Black Jellybeans

black jellybeanLast night, I was chatting with a friend and we started talking about how a lot of people just don’t get her. While she and I clicked pretty much from the start, she told me that when she meets people, they don’t always have the same easy conversation and connection that she and I have. As we explored why that might be, we realized that it’s because she’s a) incredibly intelligent, b) very direct in her communication, and c) attractive. In my observation and from talking with lots of other women who could be described similarly, plenty of people find that combination threatening. Actually, many folks feel threatened by a woman with any two of those three. But it wasn’t until last night that I put it all together: my friend is a black jellybean.

When it comes to black jellybeans, almost everyone seems to fall into one of two categories. Either you love them or you can’t imagine why anyone would. There doesn’t seem to be much of a middle ground, and I’m willing to guess that when we’re talking about actual jellybeans, you know which group you’re in.

Of course, this is just a metaphor and I’m not suggesting that this is only a matter of individual taste. A woman who’s upfront about what she wants and needs is often considered aggressive or a bitch, while a man who does the exact same thing is simply being candid. Women who allow their intelligence to be visible are frequently seen as threatening, while men rarely are. And women who are “too attractive” get scrutinized and attacked in ways that good-looking guys don’t. When we unpack each of those traits and our cultural attitudes towards them, it’s easy to see why a woman who has all three gets a lot of crap as she moves through the world. So don’t stretch the metaphor to the breaking point. There’s a lot more to this than “to each their own.”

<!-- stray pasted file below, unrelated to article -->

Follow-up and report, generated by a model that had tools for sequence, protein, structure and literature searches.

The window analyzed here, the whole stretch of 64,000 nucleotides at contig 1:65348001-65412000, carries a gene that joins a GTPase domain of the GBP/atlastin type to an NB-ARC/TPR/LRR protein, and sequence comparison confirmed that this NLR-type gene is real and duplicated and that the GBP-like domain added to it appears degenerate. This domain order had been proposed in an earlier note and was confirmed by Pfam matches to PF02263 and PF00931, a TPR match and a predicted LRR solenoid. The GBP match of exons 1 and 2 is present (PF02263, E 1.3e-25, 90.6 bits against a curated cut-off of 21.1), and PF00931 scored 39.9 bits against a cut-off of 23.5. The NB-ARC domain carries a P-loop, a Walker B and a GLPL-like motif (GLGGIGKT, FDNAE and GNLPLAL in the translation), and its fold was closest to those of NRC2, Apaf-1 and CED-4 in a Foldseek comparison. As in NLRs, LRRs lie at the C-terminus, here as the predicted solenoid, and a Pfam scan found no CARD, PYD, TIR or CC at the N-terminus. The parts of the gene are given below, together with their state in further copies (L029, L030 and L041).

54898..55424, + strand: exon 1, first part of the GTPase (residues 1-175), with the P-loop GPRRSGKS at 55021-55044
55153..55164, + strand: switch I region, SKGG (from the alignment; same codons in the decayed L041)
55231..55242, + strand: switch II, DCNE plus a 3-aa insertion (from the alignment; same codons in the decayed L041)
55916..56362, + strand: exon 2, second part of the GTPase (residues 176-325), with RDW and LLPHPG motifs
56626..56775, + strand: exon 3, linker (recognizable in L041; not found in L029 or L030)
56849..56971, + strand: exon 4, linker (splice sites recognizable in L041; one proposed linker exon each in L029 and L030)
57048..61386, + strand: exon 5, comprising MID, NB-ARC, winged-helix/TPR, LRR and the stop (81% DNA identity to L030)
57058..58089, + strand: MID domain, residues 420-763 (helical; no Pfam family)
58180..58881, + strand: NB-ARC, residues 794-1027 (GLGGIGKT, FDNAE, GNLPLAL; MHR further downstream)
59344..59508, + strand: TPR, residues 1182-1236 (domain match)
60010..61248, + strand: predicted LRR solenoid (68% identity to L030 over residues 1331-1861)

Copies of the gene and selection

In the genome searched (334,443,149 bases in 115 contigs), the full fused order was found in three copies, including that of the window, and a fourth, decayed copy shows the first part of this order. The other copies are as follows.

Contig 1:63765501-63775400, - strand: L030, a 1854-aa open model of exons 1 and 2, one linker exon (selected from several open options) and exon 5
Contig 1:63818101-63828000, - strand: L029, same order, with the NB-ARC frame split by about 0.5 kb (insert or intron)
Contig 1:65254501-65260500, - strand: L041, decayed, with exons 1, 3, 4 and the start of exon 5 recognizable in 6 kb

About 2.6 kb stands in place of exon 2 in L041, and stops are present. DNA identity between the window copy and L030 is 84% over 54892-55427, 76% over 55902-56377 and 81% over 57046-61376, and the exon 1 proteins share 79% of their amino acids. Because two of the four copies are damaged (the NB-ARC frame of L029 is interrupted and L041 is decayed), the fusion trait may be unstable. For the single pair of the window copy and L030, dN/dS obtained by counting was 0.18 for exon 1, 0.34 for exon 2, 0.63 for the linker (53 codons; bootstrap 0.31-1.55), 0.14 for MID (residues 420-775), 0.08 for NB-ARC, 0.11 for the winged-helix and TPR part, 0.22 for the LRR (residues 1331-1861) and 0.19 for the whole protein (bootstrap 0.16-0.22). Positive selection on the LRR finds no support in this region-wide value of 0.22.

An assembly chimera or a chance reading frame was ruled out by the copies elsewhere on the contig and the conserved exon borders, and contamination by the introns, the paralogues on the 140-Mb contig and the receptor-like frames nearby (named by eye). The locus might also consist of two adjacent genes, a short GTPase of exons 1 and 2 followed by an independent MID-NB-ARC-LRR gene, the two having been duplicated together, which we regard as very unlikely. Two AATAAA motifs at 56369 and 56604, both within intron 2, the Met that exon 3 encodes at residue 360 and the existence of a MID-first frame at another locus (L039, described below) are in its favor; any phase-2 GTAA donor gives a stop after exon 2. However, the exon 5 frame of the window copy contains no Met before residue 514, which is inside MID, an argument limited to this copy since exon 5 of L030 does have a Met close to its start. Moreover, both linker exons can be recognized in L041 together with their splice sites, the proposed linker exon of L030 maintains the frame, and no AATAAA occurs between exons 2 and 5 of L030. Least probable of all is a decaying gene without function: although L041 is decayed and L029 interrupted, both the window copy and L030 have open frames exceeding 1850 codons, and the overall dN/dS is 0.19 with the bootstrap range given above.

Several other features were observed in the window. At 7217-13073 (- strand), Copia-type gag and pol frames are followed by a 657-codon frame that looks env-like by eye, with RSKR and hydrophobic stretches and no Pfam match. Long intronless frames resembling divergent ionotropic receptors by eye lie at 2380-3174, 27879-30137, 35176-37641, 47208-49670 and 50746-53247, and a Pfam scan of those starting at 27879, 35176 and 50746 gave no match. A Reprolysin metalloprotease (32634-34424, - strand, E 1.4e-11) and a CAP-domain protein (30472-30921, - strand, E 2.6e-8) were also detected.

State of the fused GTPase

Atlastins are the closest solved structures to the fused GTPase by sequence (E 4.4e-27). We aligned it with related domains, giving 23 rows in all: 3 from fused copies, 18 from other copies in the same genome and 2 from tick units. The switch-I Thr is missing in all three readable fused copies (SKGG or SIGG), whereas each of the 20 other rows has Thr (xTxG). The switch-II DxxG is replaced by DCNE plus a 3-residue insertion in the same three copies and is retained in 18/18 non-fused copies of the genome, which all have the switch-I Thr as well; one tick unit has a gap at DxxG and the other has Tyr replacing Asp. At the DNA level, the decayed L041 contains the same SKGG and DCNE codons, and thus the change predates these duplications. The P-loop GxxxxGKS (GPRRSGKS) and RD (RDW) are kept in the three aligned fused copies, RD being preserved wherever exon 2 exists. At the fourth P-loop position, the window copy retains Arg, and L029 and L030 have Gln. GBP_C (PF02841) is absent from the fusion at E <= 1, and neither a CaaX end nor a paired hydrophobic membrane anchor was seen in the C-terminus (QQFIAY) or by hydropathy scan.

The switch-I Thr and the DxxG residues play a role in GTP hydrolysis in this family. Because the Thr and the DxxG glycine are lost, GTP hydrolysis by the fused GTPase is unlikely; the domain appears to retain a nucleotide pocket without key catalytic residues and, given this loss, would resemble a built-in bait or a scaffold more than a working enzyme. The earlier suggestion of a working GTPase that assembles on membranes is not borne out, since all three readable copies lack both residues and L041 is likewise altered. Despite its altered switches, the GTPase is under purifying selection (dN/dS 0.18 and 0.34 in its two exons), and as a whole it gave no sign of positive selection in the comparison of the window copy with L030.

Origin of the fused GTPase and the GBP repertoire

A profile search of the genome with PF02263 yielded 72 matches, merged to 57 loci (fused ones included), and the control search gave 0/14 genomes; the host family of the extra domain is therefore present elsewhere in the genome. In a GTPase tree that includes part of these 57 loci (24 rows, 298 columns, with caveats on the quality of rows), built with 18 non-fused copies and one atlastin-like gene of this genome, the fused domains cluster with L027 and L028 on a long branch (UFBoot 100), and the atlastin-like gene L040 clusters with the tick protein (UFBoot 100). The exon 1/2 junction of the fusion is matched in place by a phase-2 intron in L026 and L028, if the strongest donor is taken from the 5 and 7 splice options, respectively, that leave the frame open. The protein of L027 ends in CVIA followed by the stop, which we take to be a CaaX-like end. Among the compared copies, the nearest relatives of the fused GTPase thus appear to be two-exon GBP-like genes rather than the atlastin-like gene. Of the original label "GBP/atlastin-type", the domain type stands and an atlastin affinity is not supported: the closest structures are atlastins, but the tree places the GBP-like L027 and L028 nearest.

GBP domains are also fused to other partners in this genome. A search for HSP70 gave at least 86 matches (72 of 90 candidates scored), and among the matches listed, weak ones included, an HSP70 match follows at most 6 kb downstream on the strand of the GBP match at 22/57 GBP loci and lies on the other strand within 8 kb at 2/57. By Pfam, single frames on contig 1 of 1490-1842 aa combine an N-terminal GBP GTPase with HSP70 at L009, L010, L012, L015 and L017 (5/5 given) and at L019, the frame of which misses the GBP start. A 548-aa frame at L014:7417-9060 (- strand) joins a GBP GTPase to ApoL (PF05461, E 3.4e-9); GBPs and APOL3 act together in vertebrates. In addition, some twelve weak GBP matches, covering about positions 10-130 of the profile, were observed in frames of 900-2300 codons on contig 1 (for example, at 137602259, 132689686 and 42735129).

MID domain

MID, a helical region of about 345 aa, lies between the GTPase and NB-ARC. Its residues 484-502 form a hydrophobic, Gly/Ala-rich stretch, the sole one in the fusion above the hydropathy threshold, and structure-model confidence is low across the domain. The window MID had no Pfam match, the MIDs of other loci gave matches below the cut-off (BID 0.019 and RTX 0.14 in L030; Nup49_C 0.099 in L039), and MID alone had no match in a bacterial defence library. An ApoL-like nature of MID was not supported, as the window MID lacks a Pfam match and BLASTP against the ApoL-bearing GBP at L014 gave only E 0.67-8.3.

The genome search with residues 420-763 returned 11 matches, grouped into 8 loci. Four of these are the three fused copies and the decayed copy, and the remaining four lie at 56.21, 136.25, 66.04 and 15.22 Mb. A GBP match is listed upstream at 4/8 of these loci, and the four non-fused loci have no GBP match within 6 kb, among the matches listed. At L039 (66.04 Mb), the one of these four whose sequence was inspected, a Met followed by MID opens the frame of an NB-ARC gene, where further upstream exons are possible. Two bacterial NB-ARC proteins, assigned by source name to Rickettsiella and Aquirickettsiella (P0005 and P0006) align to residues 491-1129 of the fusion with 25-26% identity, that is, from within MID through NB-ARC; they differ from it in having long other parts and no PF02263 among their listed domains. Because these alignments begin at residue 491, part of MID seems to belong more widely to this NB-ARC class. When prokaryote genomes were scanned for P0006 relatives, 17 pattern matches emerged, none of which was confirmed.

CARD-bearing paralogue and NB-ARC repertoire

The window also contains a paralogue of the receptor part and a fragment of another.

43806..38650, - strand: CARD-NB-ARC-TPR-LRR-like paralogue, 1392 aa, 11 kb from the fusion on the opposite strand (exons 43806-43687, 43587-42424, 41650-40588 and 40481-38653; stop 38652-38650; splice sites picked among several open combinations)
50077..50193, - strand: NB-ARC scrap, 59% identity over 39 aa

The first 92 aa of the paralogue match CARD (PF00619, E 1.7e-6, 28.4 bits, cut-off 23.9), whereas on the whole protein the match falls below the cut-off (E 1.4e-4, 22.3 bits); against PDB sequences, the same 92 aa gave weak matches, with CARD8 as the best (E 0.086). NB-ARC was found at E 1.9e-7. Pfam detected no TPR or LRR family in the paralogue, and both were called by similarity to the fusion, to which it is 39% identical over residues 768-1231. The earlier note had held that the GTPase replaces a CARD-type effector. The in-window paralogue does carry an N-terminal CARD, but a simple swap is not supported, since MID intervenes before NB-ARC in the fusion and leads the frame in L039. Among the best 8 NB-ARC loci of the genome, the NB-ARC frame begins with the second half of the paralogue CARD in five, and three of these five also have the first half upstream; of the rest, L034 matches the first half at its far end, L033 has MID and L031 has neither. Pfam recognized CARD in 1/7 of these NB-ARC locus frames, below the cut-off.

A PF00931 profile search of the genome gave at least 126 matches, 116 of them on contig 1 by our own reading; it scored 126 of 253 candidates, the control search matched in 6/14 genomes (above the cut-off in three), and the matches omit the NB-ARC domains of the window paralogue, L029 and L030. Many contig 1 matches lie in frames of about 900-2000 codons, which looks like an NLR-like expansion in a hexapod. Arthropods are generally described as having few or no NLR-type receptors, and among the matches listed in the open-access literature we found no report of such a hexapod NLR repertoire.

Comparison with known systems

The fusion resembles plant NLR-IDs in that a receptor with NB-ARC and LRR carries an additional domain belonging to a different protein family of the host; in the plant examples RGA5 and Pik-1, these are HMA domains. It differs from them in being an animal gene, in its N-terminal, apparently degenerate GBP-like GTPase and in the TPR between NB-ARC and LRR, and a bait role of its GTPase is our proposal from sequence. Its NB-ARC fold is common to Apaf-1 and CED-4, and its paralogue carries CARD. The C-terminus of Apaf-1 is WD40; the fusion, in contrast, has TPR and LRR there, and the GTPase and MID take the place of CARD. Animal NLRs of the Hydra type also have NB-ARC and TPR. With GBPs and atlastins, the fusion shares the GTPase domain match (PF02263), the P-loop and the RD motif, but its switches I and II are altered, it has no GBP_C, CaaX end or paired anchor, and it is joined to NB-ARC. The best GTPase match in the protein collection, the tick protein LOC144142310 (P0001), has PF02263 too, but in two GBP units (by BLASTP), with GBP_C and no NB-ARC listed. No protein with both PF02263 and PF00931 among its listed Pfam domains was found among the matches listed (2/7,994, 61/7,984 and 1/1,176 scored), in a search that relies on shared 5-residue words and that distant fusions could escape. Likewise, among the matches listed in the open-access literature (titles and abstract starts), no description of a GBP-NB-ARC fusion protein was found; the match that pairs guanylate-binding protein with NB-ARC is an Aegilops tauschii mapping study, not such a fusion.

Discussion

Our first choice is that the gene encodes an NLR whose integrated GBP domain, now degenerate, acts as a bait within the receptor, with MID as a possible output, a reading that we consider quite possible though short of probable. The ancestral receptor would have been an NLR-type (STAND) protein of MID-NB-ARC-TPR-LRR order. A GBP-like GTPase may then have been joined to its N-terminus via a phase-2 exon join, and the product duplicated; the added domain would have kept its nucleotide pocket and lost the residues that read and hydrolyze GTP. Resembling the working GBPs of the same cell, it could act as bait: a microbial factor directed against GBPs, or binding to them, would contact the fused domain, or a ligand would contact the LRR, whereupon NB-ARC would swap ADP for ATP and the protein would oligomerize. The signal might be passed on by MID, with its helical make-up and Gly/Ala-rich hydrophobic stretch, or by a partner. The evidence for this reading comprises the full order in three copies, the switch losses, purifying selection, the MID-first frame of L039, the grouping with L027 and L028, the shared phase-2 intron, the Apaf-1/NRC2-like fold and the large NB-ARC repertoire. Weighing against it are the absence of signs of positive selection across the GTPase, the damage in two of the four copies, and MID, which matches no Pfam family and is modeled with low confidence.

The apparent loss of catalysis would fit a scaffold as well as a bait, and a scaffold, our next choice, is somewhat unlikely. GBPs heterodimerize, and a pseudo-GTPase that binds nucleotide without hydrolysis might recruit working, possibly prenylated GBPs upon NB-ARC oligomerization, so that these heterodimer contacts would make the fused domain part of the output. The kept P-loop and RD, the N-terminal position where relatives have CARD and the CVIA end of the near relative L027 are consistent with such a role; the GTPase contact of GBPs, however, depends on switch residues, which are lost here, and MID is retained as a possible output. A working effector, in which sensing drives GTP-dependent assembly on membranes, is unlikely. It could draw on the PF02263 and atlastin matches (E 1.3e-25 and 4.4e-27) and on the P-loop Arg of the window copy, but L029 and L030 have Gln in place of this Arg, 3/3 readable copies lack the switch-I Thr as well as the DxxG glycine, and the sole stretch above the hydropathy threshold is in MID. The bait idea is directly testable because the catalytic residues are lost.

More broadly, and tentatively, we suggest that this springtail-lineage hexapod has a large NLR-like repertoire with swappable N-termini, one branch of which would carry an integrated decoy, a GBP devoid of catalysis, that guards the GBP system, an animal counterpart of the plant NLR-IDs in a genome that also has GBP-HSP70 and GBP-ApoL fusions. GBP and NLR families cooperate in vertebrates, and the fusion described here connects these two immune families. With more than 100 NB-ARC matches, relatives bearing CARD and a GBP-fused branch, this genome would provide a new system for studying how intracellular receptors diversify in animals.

For that matter, there are also gendered differences to how this plays out. Queer women who are black jellybeans seem to have fewer difficulties with partner’s attitudes around this than heterosexual women. I can think of several possible explanations, though many of them boil down to the fact that queer folks (regardless of their gender) tend to appreciate traits that are outside the heteronormative definitions of how people should act. Even so, I’ve known quite a few women who find it hard to find women who value their black jellybean characteristics.

While the metaphor is limited, I think it has some value when it comes to navigating interpersonal relationships. Reid Mihalko often says that we have more success when we date our own species. I like Reid’s approach because he offers some really useful perspectives on how to find someone compatible. And I also think that the black jellybean metaphor works well because the reactions that many people have to smart, attractive women who speak their minds fall into that love them/hate them split.

I don’t have any specific ideas to suggest to someone who’s a black jellybean for how to navigate that, other than to try to find people who like that flavor. I’m not sure whether there’s any way for someone to cultivate a taste for that particular combination of traits. I would certainly like there to be- I know a lot of amazing women who would love to find partners who adore them as much as they deserve.